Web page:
An interesting branch of Scotland Yard is the branch of Police Dogs, first used as an experiment in 1938. Now these dogs are an important part of the Force. One dog, for example, can search a warehouse in ten minutes, whereas the same search would take six men an hour.

There is also the River Police, or Thames Division, which has its own crime investigation officers who handle all crimes occurring within its river boundaries.

There are two other departments of Scotland Yard — the Witness Room (known as the Rogues’ Gallery) where a photographic record of known or suspected criminals is kept, and the Museum, which contains murder relics, forgery exhibits and coining moulds.

The name “Scotland Yard” originates from the plot of land adjoining Whitehall Palace where, in about the 14th century, the royalty and nobility of Scotland stayed when visiting the English Court. The popular nickname of the London policeman “bobby” is a tribute to Sir Robert Peel, who introduced the police force in 1829.

Vocabulary Notes

Scotland Yard – Скотленд-Ярд

Teleprinter – телеграфный аппарат

Headquarters — штаб-квартира

Metropolitan Police — столичная по­лиция

Police force — полиция, отделение полиции

Crime detection — обнаружение пре­ступлений

Emergency service — аварийная служба

Investigation – расследование, (научное) исследование

Concern — заниматься, интересоваться (чем-либо)

Mounted Branch — отделение конной полиции

English Court — английский суд

Reading Comprehension Exercises

  1. Answer the questions.
    1. What do you know about the Palace of Westminster?
    2. Where is it situated?
    3. What governmental office is there?
    4. Why the hour bell in Clock Tower is called ”Big Ben”?
    5. What can you say about the two Houses of Parliament?
    6. What is Westminster Abbey famous for?
    7. What prominent people are buried there?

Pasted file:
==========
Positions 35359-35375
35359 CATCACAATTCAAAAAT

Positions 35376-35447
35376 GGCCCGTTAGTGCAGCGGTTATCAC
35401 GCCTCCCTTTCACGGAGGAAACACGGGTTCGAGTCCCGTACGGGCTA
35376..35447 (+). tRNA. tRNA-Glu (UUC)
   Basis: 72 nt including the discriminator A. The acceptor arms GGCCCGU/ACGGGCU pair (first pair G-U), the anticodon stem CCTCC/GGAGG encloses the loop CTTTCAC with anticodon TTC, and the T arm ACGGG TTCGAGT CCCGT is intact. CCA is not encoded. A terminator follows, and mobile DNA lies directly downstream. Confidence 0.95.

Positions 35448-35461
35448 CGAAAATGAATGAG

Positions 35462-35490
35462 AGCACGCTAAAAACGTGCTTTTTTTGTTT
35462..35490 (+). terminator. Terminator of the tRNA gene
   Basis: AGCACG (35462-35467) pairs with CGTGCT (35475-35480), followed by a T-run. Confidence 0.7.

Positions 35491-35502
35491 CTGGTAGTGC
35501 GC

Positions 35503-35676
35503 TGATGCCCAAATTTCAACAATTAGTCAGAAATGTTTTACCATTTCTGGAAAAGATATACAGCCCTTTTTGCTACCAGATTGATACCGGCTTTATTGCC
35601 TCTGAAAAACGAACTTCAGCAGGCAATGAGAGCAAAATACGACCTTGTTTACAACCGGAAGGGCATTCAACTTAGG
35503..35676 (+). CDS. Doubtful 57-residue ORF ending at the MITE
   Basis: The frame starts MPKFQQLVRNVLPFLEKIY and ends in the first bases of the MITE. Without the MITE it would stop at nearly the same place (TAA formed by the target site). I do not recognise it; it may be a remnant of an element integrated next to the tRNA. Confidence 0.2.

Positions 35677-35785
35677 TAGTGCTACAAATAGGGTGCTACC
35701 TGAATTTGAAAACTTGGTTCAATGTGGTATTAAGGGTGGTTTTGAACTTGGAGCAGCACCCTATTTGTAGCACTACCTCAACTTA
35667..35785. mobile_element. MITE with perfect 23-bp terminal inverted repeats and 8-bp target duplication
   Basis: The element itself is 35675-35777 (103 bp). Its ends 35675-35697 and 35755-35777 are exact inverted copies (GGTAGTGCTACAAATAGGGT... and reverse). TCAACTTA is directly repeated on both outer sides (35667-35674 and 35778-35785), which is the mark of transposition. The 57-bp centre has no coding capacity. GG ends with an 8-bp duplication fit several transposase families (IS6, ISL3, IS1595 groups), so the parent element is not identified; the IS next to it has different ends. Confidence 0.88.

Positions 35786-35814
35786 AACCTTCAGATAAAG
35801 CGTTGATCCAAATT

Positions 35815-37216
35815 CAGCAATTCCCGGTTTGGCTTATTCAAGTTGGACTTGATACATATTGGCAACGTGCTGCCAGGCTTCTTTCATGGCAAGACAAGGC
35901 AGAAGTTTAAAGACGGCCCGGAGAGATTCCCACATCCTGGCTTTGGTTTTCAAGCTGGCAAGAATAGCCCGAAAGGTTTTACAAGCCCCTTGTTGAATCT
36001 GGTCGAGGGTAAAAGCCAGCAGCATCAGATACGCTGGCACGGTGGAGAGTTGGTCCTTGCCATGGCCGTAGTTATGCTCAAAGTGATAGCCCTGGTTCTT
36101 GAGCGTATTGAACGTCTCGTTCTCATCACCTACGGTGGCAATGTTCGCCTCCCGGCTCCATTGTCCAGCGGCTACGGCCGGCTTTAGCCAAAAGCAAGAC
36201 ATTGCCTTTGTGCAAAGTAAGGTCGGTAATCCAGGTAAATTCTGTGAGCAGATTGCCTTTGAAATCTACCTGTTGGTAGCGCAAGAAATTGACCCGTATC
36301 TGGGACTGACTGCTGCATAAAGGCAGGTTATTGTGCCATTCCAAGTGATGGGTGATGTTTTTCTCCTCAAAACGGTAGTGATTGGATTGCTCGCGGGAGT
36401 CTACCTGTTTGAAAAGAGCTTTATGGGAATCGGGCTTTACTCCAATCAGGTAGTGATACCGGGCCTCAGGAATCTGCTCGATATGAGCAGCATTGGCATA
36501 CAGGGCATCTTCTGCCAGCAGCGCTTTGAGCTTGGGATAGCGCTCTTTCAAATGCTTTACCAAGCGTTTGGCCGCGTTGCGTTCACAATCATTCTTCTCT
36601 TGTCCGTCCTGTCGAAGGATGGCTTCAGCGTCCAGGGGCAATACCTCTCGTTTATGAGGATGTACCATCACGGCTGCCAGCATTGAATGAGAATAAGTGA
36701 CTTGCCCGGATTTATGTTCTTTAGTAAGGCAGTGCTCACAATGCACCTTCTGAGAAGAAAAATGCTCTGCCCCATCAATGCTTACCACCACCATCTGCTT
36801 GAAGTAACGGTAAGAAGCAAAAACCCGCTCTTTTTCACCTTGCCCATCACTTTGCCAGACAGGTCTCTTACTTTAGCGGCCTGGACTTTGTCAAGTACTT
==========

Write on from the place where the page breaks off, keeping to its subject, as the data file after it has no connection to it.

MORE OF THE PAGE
8. What important administrative and governmental offices are there in Whitehall?
    9. What is in Downing Street at number ten?
    10. Who occupies this house now?
    11. What is Scotland Yard?
    12. Where is it situated?
  2. Ask your fellow-students the questions to find out:
    1. If he is interested in the Tower of London?
    2. What particular place he would like to visit?
    3. If he has read any information about Scotland Yard?

Grammar Exercises

  1. Make the verbs in the following sentences passive.
    1. They have offered me a job at a local bank.
    2. Have you warned them about the meeting?
    3. Someone has stolen a picture from a museum.
    4. I have lost some secret papers.
    5. We have kept this meat in the fridge for a week.
    6. The police have found a dead body in the park.
    7. They had packed the suitcases when the bellboy arrived.
    8. They had sold the famous house to an American before I learnt about it.
    9. I didn't attend the meeting because you hadn't warned me.
    10. The room looked dirty because we hadn't cleaned it for a week.
    11. They will clear up the situation when they have known some more facts.
    12. They will have repaired my shoes by the evening.
  2. Change the tense forms of the verbs in the following sentences using different adverbial modifiers. Models: The letter was delivered yesterday. (just) — The letter has just been delivered. The work was completed on Monday. (by Monday) — The work had been completed by Monday.